How to live-sniffer network traffic on a remote Linux system using WireShark
Wireshark is a top Kali Linux Wi-Fi pentesting tool and used for as world’s foremost network protocol analyzer. It lets you see what’s happening on your network at a microscopic level. With Wireshark you can analyze a network to the greatest detail to see what’s happening. Wireshark can be used for live packet capturing, deep inspection of hundreds of protocols, browse and filter packets and is a multi-platform tool.
Top Wireshark’s features are:
- Deep inspection of hundreds of protocols, with more being added all the time.
- Live capture and offline analysis with powerful display filters.
- Captured network data can be browsed via a GUI or via the TTY-mode TShark utility.
- Read/write many different capture file formats: tcpdump (libpcap), Pcap NG, WildPackets EtherPeek/TokenPeek/AiroPeek … it’s a long list. You can also export to XML, PostScript®, CSV, or plain text.
- Live data can be read from Ethernet, IEEE 802.11, PPP/HDLC, ATM, Bluetooth, USB, Token Ring, Frame Relay, FDDI, and others (depending on your platform).
- Decryption support for many protocols, including IPsec, ISAKMP, Kerberos, SNMPv3, SSL/TLS, WEP, and WPA/WPA2.
In this tutorial, we will learn how to live sniffer network traffic using Wireshark thanks to Robert Penz. Why would you want to sniff at live network flow?. Sometimes a tcpdump is not enough to give you correct information and when you want additional information like :
- You want to check the TTL/hop count of BGP packets before activating TTL security
- You want to look at encrypted SNMPv3 packets (Wireshark is able to decrypt it, if provided the password)
- You want to look at DHCP packets and their content
Sure, it’s quite easy to sniffer on a remote Linux box with tcpdump into an file and copy that over via scp to the local system and take a closer look at the traffic. But using the Wireshark for the same query gives you better results.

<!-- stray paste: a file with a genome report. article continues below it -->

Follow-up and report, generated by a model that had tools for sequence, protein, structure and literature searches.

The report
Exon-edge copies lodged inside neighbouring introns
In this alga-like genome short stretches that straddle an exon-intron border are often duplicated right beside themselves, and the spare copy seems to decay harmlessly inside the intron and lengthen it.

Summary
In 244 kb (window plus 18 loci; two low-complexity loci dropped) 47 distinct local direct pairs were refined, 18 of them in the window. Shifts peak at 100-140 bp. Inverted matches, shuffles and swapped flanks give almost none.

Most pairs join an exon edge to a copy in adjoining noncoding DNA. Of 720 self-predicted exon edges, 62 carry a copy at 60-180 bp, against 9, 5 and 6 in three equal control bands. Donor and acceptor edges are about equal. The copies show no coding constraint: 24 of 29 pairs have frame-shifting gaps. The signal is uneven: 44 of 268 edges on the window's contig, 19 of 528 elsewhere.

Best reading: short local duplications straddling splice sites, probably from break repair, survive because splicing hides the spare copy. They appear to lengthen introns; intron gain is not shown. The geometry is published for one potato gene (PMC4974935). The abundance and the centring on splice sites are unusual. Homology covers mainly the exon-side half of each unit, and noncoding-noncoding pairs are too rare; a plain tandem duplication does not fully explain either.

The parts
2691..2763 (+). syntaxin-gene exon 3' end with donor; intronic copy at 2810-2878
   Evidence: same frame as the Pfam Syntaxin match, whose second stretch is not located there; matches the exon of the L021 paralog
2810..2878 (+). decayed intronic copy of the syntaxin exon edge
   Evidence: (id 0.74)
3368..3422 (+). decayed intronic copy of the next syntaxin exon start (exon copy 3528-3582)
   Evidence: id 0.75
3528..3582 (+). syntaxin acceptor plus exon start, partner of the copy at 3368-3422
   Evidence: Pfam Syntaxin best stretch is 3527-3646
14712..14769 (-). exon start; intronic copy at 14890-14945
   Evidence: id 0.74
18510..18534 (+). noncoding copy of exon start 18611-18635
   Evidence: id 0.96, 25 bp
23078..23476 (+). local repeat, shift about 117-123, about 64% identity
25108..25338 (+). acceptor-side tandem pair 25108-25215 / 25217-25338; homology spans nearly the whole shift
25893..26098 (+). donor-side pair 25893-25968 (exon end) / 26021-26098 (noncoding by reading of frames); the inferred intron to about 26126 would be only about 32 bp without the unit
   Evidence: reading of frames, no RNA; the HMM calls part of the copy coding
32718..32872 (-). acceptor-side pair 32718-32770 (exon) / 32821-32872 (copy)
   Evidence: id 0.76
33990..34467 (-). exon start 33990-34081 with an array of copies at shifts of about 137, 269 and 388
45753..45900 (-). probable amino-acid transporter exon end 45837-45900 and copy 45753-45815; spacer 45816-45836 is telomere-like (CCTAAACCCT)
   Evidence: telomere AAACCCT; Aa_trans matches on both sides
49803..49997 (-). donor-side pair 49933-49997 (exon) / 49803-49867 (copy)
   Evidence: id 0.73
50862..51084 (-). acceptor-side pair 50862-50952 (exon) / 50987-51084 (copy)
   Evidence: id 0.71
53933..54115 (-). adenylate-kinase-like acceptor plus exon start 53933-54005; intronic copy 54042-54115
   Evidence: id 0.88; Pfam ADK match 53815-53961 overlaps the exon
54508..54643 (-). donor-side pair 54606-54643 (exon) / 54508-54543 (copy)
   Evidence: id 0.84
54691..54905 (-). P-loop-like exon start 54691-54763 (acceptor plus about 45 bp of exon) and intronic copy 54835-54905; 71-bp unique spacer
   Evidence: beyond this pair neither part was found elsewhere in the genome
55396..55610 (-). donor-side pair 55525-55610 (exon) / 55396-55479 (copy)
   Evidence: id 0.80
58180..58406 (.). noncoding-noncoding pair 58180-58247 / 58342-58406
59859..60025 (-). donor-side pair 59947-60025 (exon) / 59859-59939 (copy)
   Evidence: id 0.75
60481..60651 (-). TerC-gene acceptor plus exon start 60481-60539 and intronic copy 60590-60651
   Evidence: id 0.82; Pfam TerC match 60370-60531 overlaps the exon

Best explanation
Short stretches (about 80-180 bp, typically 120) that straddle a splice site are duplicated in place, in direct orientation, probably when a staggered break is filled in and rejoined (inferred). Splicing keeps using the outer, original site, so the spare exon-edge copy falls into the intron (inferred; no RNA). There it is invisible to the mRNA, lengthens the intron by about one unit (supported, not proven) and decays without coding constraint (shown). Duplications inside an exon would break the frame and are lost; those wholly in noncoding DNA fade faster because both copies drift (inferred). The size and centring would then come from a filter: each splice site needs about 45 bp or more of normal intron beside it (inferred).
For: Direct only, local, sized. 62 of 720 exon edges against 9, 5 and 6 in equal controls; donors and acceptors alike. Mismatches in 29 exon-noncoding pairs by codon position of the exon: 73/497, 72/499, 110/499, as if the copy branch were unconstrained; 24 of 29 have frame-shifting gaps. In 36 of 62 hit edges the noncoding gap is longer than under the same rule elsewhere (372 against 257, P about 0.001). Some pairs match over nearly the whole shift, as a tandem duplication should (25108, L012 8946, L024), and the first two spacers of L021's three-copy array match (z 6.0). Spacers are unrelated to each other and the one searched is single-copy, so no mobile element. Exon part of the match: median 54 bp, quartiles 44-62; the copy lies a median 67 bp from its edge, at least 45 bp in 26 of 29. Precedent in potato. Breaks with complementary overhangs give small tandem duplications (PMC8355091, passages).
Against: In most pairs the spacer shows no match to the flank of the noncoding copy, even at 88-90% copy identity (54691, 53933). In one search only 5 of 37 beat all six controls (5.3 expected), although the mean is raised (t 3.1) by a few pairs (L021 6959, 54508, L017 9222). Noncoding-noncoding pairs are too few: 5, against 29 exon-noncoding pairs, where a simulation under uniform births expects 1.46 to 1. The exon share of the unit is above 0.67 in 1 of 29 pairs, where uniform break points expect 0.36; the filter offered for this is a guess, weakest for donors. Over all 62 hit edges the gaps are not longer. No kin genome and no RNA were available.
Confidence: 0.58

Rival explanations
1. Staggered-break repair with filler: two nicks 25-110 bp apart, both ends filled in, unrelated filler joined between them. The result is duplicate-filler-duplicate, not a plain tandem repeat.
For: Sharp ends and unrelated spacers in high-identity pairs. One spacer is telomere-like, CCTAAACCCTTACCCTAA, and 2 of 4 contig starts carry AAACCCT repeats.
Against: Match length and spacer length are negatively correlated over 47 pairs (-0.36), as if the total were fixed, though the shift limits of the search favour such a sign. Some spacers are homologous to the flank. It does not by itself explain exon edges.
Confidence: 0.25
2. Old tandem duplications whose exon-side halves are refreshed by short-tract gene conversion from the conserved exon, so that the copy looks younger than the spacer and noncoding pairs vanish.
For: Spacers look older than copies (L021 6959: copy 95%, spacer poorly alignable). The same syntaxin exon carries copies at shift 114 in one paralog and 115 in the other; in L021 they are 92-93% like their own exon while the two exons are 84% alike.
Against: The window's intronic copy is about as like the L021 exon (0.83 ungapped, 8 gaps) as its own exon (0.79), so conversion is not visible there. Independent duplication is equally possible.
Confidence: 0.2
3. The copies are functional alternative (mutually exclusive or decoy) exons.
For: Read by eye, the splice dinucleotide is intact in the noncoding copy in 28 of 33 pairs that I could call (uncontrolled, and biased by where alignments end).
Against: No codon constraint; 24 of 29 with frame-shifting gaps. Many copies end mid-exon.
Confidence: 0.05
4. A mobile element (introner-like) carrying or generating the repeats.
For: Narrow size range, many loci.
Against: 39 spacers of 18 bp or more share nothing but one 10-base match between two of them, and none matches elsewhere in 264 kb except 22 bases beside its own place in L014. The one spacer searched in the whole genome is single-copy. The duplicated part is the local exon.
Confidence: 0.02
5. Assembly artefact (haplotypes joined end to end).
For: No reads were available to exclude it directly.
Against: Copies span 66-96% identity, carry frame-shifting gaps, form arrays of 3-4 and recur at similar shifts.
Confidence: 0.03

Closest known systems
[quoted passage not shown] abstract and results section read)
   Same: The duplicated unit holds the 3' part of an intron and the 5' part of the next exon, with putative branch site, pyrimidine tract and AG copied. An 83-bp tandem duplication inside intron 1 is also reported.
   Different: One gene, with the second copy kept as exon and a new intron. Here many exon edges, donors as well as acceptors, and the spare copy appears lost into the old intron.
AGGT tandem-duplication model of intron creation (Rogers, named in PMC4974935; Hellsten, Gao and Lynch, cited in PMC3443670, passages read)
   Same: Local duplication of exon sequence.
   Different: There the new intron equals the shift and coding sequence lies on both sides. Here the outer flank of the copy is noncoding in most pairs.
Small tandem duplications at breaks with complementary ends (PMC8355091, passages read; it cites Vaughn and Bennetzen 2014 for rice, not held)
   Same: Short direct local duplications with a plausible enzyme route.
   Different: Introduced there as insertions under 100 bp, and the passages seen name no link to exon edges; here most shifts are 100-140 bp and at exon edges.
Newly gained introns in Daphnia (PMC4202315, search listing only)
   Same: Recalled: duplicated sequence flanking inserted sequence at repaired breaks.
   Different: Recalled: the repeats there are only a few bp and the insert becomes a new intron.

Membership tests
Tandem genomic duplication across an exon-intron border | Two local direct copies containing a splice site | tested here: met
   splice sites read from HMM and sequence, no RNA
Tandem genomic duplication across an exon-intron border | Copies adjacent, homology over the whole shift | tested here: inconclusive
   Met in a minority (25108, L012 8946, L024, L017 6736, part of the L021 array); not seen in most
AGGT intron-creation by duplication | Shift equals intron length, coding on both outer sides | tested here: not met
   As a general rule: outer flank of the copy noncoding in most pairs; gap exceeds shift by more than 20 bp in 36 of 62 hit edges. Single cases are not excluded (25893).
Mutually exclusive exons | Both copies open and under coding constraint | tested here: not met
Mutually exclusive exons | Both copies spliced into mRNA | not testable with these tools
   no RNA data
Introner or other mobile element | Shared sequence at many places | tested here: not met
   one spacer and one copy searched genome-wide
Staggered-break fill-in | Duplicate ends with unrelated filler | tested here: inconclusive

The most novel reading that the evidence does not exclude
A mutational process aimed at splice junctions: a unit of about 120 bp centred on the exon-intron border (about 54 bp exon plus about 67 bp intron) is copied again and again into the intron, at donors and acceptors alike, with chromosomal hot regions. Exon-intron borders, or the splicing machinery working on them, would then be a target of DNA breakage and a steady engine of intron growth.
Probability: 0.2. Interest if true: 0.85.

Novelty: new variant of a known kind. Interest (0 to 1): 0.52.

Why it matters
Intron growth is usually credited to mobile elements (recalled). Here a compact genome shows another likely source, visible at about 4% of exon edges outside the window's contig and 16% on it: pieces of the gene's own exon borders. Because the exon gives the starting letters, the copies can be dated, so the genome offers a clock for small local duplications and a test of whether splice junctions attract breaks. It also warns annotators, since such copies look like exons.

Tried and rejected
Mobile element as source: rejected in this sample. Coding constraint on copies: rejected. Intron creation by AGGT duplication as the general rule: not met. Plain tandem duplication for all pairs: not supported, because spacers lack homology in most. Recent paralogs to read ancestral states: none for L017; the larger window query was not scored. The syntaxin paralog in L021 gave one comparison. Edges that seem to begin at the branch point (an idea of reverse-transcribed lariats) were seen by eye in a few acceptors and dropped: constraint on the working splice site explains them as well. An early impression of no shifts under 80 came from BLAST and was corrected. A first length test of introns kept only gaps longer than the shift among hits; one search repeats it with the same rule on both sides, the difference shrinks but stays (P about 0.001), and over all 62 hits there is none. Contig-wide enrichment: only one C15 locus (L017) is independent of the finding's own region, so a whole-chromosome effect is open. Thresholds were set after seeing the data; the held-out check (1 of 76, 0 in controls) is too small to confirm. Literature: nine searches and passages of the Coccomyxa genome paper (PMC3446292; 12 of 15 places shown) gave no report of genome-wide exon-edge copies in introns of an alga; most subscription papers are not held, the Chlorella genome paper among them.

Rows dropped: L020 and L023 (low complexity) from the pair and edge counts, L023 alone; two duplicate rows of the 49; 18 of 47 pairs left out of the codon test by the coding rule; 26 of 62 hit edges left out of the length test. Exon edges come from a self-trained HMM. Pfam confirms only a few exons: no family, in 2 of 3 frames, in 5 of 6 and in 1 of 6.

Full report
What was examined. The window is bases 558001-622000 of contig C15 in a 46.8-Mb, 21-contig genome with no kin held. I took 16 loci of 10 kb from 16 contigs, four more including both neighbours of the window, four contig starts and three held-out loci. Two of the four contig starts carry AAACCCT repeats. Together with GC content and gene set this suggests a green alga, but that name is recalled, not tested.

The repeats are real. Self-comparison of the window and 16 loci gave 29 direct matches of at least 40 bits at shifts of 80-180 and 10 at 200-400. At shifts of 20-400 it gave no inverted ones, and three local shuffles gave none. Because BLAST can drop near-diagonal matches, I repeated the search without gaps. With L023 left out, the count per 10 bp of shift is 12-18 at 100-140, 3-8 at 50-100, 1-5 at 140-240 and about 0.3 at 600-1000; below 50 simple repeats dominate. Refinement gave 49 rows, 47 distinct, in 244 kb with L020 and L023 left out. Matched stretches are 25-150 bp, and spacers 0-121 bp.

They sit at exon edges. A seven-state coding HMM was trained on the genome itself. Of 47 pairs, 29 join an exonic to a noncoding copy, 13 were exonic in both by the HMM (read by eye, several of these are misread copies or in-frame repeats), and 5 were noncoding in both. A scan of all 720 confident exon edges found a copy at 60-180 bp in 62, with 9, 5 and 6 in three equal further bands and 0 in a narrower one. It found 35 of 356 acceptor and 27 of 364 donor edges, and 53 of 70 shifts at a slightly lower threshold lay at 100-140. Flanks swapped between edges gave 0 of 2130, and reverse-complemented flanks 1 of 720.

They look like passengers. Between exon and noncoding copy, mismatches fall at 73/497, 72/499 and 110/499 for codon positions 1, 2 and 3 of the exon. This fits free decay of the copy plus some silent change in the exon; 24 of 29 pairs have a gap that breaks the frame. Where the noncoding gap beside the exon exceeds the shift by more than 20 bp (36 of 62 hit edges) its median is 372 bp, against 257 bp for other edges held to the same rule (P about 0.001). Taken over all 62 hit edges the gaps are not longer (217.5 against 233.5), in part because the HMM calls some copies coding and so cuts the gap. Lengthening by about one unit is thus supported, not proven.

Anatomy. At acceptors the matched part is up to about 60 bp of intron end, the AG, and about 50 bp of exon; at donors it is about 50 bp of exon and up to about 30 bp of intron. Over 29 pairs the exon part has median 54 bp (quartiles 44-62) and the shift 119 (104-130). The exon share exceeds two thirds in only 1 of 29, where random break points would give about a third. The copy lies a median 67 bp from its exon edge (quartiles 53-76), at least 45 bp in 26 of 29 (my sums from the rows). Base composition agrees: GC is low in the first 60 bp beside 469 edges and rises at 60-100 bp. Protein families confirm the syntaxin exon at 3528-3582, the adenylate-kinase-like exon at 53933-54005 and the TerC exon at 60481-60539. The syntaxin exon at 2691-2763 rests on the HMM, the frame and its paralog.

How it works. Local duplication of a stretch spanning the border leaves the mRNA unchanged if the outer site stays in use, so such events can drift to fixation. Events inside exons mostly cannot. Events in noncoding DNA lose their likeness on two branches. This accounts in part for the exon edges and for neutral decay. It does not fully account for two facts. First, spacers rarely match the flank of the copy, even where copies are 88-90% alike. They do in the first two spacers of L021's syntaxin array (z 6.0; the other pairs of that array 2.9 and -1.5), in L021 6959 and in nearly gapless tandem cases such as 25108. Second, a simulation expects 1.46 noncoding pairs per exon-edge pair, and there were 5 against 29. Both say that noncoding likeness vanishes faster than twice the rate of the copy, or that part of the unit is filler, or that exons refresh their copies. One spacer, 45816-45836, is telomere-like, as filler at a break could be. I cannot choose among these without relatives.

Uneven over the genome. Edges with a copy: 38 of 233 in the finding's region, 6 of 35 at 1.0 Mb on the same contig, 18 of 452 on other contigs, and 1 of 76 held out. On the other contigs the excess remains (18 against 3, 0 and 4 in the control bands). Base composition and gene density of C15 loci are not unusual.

We just use ssh to pipe the captured traffic through to the local Wireshark. Sure this is not the perfect method for GBytes of traffic but often you just need a few packets to check something or monitor some low volume traffic. Anyway first we need to make sure that Wireshark is able to execute the dumpcap command with our current user. So we need to check the permissions
-rwxr-xr-- 1 root wireshark 88272 Apr 8 11:53 /usr/bin/dumpcap*
So on Ubuntu/Debian we need to add ourself to the wireshark group and check that it got applied with the
id command (You need to logoff or start a new sesson with
su - $user beforehand). Now you can simply call:
ssh firstname.lastname@example.org 'tcpdump -f -i eth0 -w - not port 22' | wireshark -k -i -
And now the really cool part comes. Using Ubiqity Unifi access points in multiple setups allow you to look at the traffic a station communicates with the access point on the wireless interface. With that commands, you will be able to ssh into the access point and look at the live traffic of an access point and a station which is hundreds of KM way. You can ssh into the AP with your normal web GUI user (if not configured differently) and the bridge config looks like this
BZ.v3.7.8# brctl show
bridge name bridge id STP enabled interfaces
br0 ffff.00272250d9cf no ath0
You can choose one of that interfaces (or the bridge) for normal IP traffic or go one level deeper with wifi0, which looks like this
ssh email@example.com 'tcpdump -f -i wifi0 -w -' | wireshark -k -i -
That’s it. You can live sniffer network traffic on a remote Linux PC/laptop sitting hundreds of KM away using Wireshark. Don’t forget to thank Robert Penz for bringing this awesome tutorial to you.